It’s been only a few short weeks since I noticed a slight, then certain and sharp, “shift” in our mindset and optic. Two months ago, China’s outbreak seemed so distant to us. Somehow, we felt safe enough in our daily lives and routines to casually pass by or “tune out” the tragedy unfolding in what seemed, “worlds away”. For some of us, it captured our attention, but admittedly, it wasn’t necessarily on our daily phones or computer screens as it has become now, bookmarked, screen-shot, and often shared. In less than a month, we have become suspended in an unsafe and unstable space, collectively, turning to technology to connect us, to seek comfort, and to maintain some semblance of normalcy.
For me personally, I had just taken my first cruise on the Royal Princess to the Mexican Riviera just two short months ago in January. My ex-spouse and I, who both currently reside together in Los Angeles, joined his mom and sister, for a 7 day cruise, visiting three port cities. I certainly wasn’t thinking of a global pandemic then, as I milled about the ship, frequenting endless buffets, and betting into the wee hours in their casino. We crowded into elevators carrying over 20 people, easy: the old and young, with passengers representing all corners of the globe.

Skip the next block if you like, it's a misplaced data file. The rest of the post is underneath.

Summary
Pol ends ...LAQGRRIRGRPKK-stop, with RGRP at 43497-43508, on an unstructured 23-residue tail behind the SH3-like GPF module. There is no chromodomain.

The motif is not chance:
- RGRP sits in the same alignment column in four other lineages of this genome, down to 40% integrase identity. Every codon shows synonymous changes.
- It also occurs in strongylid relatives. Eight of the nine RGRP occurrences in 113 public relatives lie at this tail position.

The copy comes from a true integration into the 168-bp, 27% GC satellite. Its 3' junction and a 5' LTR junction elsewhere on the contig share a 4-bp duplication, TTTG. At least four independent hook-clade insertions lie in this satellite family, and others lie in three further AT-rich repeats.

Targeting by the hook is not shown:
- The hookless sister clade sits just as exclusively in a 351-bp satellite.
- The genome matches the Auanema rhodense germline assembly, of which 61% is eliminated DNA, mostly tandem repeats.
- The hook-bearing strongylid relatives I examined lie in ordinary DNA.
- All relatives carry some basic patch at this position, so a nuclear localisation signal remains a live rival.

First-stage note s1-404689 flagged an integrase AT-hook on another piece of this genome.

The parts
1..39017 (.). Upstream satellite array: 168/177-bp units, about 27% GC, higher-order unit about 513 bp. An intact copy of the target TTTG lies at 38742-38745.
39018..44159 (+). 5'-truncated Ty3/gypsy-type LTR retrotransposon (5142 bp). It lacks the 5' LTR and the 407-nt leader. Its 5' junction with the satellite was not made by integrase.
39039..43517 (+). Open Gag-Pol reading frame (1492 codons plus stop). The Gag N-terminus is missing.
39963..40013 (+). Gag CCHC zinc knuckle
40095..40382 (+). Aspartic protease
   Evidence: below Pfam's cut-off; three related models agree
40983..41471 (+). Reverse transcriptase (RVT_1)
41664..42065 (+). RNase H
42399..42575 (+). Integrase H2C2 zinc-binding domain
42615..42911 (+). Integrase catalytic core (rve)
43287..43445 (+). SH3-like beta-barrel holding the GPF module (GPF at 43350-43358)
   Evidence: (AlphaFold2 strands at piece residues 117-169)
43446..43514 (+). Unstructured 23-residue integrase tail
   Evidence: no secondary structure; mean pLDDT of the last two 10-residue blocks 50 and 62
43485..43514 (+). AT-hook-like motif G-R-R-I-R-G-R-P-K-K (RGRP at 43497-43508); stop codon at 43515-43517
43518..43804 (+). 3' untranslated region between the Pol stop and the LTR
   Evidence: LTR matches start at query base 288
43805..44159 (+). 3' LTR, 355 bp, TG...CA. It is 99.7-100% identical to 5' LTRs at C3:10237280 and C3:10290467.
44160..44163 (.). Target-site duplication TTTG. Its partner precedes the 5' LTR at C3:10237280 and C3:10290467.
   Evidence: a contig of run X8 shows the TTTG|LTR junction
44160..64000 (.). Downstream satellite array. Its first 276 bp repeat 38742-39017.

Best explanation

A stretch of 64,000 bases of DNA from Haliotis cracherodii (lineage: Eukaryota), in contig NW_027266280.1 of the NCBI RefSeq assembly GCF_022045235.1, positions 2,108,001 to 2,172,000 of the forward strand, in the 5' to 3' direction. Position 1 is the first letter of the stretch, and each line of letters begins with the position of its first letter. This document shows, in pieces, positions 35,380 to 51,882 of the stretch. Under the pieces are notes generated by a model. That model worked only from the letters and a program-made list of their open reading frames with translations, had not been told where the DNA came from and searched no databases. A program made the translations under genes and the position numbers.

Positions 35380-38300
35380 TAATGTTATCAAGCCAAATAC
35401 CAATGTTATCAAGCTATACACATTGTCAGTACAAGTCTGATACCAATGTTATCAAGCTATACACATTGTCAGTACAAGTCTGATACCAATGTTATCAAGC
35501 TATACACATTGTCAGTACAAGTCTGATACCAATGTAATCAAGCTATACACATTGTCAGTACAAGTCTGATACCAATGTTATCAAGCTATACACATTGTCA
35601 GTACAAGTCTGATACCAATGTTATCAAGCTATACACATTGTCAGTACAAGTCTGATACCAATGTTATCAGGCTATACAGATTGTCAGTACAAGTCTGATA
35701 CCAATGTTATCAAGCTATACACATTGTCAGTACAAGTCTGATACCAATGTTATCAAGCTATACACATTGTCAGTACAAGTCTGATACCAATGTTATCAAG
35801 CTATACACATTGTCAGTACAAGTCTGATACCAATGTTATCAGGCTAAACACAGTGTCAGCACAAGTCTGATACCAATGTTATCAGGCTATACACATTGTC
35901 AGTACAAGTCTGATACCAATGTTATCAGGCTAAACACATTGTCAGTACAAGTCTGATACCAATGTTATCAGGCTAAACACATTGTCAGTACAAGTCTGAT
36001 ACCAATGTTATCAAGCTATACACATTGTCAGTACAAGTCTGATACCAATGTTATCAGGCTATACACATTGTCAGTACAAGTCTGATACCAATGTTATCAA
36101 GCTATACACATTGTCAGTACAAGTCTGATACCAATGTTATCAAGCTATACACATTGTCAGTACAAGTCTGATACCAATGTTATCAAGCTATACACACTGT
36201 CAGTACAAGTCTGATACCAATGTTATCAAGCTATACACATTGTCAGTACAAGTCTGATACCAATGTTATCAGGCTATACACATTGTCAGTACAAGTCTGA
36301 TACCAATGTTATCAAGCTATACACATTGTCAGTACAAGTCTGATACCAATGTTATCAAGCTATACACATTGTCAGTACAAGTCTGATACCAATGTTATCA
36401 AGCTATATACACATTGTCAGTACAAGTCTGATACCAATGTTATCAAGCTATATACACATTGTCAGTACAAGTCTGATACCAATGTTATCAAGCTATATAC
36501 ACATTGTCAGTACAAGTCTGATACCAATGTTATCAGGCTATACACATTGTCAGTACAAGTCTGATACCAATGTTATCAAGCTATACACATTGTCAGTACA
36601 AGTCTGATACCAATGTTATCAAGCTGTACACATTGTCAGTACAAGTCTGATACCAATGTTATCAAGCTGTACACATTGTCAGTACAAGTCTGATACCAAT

On the day of our return, mid-afternoon, Scott began to complain of not feeling well, we all assumed it might be the flu or a cold. I didn’t “shake or hug” his Mom or sister goodbye because they had spent time, earlier, closed up in a car, taking a scenic drive through Beverly Hills with him. I did not want to get sick. I had stayed home earlier, instead of joining them, because I was having “tummy troubles” and wanted to give Scott a few final hours to spend with his family before he dropped them off at the airport. Scott was fine earlier in the day when we disembarked from the ship, but when he came home from dropping them off at the airport, he headed straight to bed due to a fever so high that he later told me that he had hallucinated. His fever continued on and off for roughly three days and he developed a “barking” cough that he mentioned was not productive. I remember throwing him a pulse oximeter, keeping my distance, but wanting to make sure his oxygen levels weren’t dropping as he was coughing continually through the night. Although, he never complained of being “short of breath”, he did have high fevers, coughing, exhaustion, and towards the end, nausea and stomach issues. I had stomach stuff on the day that we returned, but never came down with a fever or a cough. I remember feeling tired and “under the weather”, but nothing more. I had immediately implemented really strong “infection control” measures in the house, wiping everything down for about a week. Scott was never tested for the flu, and the virus had “not reached us yet”, but the symptoms he had resemble those of the new novel virus that we are facing today: Covid-19. Both his Mom and sister returned to TN and were sick with the same symptoms and, after it hanging on for awhile, it finally passed and they both recovered. His mother hung onto her cough for a long time. We all now wonder if we have in some way already experienced Covid-19, personally, in our lives. I guess, in time, they will be able to test people for exposure to see if the antibody is present in their blood. I have seen a lot of other posts from others on social media posing similar questions from an illness they had back in December or January. Could it be, this has been spreading for awhile now? So many unanswered questions.